At 9:00 the following morning, Sr. Alphonse and Fr. Bachand visited the hospital where they were greeted coldly by the superintendent of nurses, who did little to make them feel welcome. They were appalled at the disorder and neglect that had befallen the hospital since the mid 1920’s, when the corporations were no longer able to support it.
Another cool reception was given by the medical superintendent of the hospital, until Sr. Alphonse assured him they had no intention of removing him from his position, but would like him to remain and assist them in the transition. She thus obtained his cooperation and loyalty.
On November 15th, St. Alphonse met with all the graduate nurses and students to assure them that they were to be retained in their positions. The superintendent of nurses had recommended that they leave because the Sisters did not want them; and they were please to know this was not the case. They were also assured by Sr. Alphonse that Saint Joseph’s was “an institution devoted to relieve the suffering of the humanity regardless of nationality or creed.”
Having secured the cooperation of the hospital superintendent and nursing staff, Sr. Alphonse and her staff set about the arduous work of cleaning, painting, and revitalizing the deteriorated hospital.
Under Sister Alphonse’s prudent direction, economies were practiced diligently. Note was taken of food left unconsumed as well as consumed by the patients, the better to plan menus. Electric lights of unneeded strength were replaced with smaller bulbs to conserve energy expense. Free bricks from a torn-down mill building were used to build a boiler plant. Cleaning, painting, and a general face-lifting of the facility were done during the first weeks. Thanks to the untiring devotion of the Sisters, marvels were accomplished in a short time.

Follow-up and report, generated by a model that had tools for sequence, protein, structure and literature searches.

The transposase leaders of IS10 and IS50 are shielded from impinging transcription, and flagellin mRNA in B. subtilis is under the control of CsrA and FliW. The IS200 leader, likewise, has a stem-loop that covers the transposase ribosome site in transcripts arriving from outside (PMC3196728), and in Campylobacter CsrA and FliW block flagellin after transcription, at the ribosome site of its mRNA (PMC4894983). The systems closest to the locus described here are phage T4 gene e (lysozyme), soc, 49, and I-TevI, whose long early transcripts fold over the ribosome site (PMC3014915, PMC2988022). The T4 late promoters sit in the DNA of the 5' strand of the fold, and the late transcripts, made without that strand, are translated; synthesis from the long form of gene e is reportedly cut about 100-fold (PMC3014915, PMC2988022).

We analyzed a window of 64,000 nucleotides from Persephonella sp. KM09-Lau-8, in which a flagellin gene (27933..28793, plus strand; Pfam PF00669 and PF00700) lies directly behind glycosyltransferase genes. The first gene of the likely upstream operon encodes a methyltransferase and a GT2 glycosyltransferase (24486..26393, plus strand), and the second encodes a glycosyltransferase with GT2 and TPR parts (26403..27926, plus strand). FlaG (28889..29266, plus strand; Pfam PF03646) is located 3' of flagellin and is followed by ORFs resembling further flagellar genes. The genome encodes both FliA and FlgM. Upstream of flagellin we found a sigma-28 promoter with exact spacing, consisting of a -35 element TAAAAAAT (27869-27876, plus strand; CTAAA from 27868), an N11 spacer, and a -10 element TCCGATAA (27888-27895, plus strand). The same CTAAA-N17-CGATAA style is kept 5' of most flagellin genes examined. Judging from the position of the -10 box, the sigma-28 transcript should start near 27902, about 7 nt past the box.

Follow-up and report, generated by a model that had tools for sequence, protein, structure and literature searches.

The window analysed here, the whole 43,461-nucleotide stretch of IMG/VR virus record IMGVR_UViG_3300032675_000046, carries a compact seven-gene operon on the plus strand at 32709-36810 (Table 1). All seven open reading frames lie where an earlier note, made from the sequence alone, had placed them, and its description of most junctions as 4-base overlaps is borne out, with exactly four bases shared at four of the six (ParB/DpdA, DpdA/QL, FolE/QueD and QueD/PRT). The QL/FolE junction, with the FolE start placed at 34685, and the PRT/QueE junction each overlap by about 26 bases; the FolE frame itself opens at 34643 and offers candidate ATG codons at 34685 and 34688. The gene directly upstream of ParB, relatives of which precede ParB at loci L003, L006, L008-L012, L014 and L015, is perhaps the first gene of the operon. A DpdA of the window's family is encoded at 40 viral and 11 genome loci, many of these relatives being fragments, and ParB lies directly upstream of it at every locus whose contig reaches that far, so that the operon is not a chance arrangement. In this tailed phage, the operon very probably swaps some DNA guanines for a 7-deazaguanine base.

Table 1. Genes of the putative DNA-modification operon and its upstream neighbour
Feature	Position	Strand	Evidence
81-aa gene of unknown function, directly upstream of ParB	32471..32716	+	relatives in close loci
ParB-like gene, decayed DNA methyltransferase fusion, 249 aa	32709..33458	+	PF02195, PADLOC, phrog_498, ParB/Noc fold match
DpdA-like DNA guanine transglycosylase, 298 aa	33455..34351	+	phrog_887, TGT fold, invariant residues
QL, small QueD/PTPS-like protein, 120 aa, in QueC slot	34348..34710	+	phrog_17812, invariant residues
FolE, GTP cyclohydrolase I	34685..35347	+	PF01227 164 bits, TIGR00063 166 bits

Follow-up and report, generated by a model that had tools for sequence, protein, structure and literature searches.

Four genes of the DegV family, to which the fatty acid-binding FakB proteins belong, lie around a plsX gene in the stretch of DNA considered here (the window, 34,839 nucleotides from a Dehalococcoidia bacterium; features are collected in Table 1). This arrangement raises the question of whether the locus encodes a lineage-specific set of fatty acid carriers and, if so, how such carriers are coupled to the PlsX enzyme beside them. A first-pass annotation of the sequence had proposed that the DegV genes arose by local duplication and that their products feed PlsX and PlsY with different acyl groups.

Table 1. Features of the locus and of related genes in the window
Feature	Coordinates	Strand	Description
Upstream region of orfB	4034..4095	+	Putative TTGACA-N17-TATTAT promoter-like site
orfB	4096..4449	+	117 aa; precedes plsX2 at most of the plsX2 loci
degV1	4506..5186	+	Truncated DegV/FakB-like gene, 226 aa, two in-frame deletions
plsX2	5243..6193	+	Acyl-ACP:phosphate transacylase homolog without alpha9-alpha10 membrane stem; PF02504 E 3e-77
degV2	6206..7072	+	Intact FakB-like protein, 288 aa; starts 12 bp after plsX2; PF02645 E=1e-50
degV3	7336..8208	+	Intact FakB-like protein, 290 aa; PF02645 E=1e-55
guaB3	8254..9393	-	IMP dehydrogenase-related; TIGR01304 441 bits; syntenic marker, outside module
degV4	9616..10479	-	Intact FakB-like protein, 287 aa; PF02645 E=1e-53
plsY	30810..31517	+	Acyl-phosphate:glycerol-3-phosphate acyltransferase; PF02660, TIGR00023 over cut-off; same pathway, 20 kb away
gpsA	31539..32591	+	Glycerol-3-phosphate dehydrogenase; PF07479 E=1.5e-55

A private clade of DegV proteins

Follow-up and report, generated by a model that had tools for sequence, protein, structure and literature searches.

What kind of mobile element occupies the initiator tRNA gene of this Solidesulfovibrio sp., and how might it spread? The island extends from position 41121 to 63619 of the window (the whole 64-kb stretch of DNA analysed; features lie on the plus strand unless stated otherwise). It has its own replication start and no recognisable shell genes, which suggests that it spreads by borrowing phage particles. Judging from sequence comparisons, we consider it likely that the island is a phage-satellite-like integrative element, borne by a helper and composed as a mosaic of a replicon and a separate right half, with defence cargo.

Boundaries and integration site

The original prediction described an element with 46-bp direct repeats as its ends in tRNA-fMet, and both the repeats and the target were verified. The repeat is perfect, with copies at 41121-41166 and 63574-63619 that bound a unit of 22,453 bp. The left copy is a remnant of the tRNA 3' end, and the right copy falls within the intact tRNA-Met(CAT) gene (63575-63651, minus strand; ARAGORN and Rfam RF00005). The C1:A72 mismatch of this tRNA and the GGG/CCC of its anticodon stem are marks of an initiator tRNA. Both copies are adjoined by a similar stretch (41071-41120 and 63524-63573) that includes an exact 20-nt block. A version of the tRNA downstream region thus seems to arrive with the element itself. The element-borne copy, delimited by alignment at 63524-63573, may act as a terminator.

The Hospital was blessed by William Cardinal O’Connell and renamed Saint Joseph’s Hospital at a ceremony on Thanksgiving Day, November 27, 1930. Community leaders and Church members were enthusiastic and generous in their response to fund raising efforts on behalf of the new Saint Joseph’s Hospital.
In a report titled: “Sincerity-Simplicity-Service” covering the Hospitals first full year of operation, the following statistics were recorded:
2,024 patients admitted
182 maternity cases
17,413 out-patient visits
Also significant in first-year statistics, and consistent with Christian charity, were:
6,743 meals given to the poor
10,339 out-patient treatments at hospital expense
526 operations performed at no expense to the patients
The report placed a dollar value of over $57,000 as the cost of providing these charities!
Other first year accomplishments included a myriad of activities involving renovating and repairing the building exterior, as well as constructing an addition to the main building and beautifying the grounds.
[Editor’s Note: Also in 1989, the hospital undertook a major building and renovation program which included a state-of-the art Intensive/Cardiac Care Unit, the most modern in the area. Upon completion this new unit was named after Sr. Yvette Thibaudeau, S.C.O. In 1942 Sr. Thibaudeau graduated from the hospital’s School of Nursing. She then entered the order of the Grey Nuns of the Cross (Sisters of Charity of Ottawa), continued her studies and served as a nursing supervisor in Ottawa before returning to Saint Joseph’s Hospital in 1954 as assistant administrator. She retired as administrator, the post she had held since 1964, in 1989 but continued her involvement by overseeing the new building project.]
In 1992, Saint Joseph’s Hospital and St. John’s Hospital, both in Lowell, merged to become Saints Memorial Medical Center. Twenty years later in 2012, Saints Medical Center merged with Lowell General Hospital to form two robust campuses for health care in the City of Lowell.